Moving Out Of State Without Custody Agreement In Pa

Pennsylvania Child Custody Act defines a “move with children” as a change in the child`s home that “severely affects the ability of a non-moving party to exercise custody.” The key question in determining a “significant impairment” is whether the move severely impairs the other parent`s ability to see the children in a way that is closer to the ease and time they had with their children when the other party did not move. As a general rule, moving with children to the same county or in the immediate vicinity of the non-moving parent is not considered a move. However, it should be noted that the “removal” law in the context of relocation does not define, but focuses on the ability of the non-moving parent to exercise custody after the other parent`s move. The relocation proposed by the custodial parent cannot take place unless: 1) any other person having custody of the child agrees to the relocation or 2) the court authorises the relocation. If the parent who does not move does not object, the parent who proposes the move must nevertheless obtain confirmation of the move from the court. The parent who moves must do so by making an affidavit attesting that all the obligations of termination have been fulfilled and that the time limit for appeal has elapsed without any opposition having been filed. It is your responsibility to prove to the judge that the move is in the best interests of the child based on the above factors and that your motivations are good for the move. The party who is not moving must prove that they have good reasons for objecting to the move.2 The moving parent must also attach an affidavit for the non-moving parent, in which they state their position on the proposed move and the proposed revised custody plan. The communication must also contain a warning to the non-moving party that, if it does not respond within thirty (30) days of receipt of the notification, they are prohibited from objecting to the relocation. The court found that the relocation proposed by the mother was in fact an attempt on her part to infringe and thwart the father`s rights of access to the child. As a result, not only did the court reject the mother`s request to move with the child, but it also handed over full custody to the father. If you or someone you know is thinking about moving or would like more information about child custody law, please contact our office.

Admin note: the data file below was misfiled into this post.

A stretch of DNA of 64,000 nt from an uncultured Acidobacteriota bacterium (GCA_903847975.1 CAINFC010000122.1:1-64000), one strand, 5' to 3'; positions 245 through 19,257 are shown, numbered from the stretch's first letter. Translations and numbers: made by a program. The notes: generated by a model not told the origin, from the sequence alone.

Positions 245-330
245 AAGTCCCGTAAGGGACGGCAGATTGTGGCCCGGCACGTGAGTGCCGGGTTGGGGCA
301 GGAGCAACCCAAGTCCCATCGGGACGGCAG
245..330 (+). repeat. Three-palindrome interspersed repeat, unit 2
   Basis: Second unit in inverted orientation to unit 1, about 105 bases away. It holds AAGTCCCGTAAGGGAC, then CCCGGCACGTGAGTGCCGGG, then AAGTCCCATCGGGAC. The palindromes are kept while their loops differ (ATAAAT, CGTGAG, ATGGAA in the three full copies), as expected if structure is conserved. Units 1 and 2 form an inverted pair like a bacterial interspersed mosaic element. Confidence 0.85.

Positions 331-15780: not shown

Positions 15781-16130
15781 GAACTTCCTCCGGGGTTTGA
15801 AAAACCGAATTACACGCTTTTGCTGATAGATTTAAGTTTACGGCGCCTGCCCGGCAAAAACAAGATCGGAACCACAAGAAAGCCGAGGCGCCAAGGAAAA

The above information is not intended to provide legal advice for your particular situation, but as a reference to information. It would be important for us to understand the facts of your individual custody agreement before discussing the impact this law could have on you. If a non-moving party does not accept a proposed relocation, they may appeal to the Tribunal and apply for a temporary or permanent injunction to prevent relocation. . . .

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